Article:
Hi Renee, thank you for your comments. They mean so much to me. You are such a Blessing to so many. Thank you for all that you do to help the cancer community. Vicki

  • annie Nicholson says:

    Vicki, than you for sharing your powerful story -I’ve been overwhelmed since starting my two year treatment program-Your story reminded me of how important it is to stay positive and live one day at a time-My new mantra, taken from the name of a hiking program for cancer patients, live by living-God Bless you Vicki, Leslie and the entire Sites & Insights family-

    1. Vicki Mackie says:

      Hi Annie, Thank you for being a part of SAI Family. You bring so much joy, hope and inspiration yourself. – Vicki

  • LUCIANA LIMA says:

    Thank you for sharing your story, yes prayers work. I believe in it. Your program is wonderful and I am looking forard to the time when we all, cancer survivors,can once again meet in one room, and follow your instructions , releasing the worries through art and thoughtful considerations.
    I have shared this with many of my friends, keep well, keep safe and continue with this wonderful program, helping others to breathe better, freer, and believeing all things are possible.

    Blessing and peace to you and all our fellows survivors.
    Luciana

    1. Vicki Mackie says:

      Hi Luciana, I’m with you, I can hardly wait till we meet in person once again. That is coming soon I think. One hospital in Colorado has opened their doors and invited us in to bring support to our cancer community. Can’t wait to see you in person again! – Vicki

  • Tommy C. Stewart says:

    Vicki’s story is truly amazing. God works in mysterious way. It is easy to see that God had another plan for Vicki. He wanted to use her to be a healing touch for others, and that is exactly what she is doing today with Sites and Insights. I have known Vicki for many years, and as a cancer survivor myself I have been through her program…It really works.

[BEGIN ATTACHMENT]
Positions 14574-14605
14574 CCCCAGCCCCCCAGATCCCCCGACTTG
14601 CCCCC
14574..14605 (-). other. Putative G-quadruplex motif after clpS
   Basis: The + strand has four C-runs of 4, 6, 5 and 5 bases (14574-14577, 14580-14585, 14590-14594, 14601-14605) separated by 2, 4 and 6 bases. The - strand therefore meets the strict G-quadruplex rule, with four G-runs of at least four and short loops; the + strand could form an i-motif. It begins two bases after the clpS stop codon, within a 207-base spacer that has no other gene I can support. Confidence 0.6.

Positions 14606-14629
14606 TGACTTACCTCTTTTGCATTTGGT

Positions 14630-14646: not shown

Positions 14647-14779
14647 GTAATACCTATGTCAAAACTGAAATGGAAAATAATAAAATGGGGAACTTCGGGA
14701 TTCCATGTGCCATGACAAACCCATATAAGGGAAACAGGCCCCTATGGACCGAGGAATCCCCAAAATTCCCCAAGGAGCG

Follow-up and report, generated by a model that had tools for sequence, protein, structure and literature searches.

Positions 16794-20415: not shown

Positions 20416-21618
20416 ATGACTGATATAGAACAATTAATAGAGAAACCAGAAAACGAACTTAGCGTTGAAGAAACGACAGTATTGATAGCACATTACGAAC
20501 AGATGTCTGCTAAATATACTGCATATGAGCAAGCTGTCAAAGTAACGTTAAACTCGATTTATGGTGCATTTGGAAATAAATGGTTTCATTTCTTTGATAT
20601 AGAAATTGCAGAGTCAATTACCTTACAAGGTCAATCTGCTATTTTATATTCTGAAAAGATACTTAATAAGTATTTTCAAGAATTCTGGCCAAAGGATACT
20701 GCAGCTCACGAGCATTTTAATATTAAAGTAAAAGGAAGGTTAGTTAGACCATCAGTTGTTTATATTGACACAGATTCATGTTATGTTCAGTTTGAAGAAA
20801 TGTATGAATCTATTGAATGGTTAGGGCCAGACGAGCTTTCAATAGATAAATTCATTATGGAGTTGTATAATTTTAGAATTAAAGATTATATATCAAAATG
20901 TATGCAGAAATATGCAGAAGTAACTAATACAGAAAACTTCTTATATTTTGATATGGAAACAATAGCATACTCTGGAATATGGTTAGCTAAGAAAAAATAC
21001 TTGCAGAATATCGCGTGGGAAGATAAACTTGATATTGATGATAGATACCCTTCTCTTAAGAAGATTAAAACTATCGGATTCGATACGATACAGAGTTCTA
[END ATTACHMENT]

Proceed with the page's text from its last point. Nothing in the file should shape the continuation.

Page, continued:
1. Ann Broo says:

      Ditto to EVERYTHING Tommy said!!!

      1. Vicki Mackie says:

        Hi Ann, You have been with us from the very beginning and like Tommy, have been my cheerleader and supporter. When we need some humor, you are there, when one of our SAI Family Members needs a little extra support – you are there. Thank you for being such a Blessing to all of us! – Vicki

    2. Vicki Mackie says:

      Hi Tommy, You are my Angel sitting on my shoulder cheering me on and giving me the courage on days when it starts to feel overwhelming. You are such a Blessing to our SAI Family. Thank You! – Vicki

  • Jane Elliott says:

    The story of your journey to where you are now, brought tears to my eyes. You truly are blessed and are a blessing to all of us who know you! I have taken the workshop with you 3 times and feel it is why I am still here today, happier than I have ever been. Thank you for being you, thank you for following the path that God set you on. You are a great teacher in so many ways! Sending love and hugs to you and all the SAI family!

    1. Vicki Mackie says:

      Hi Jane, Thank you so very much for your kind and loving words. We are Blessed to have you as a member of our SAI Family. Thank you. Vicki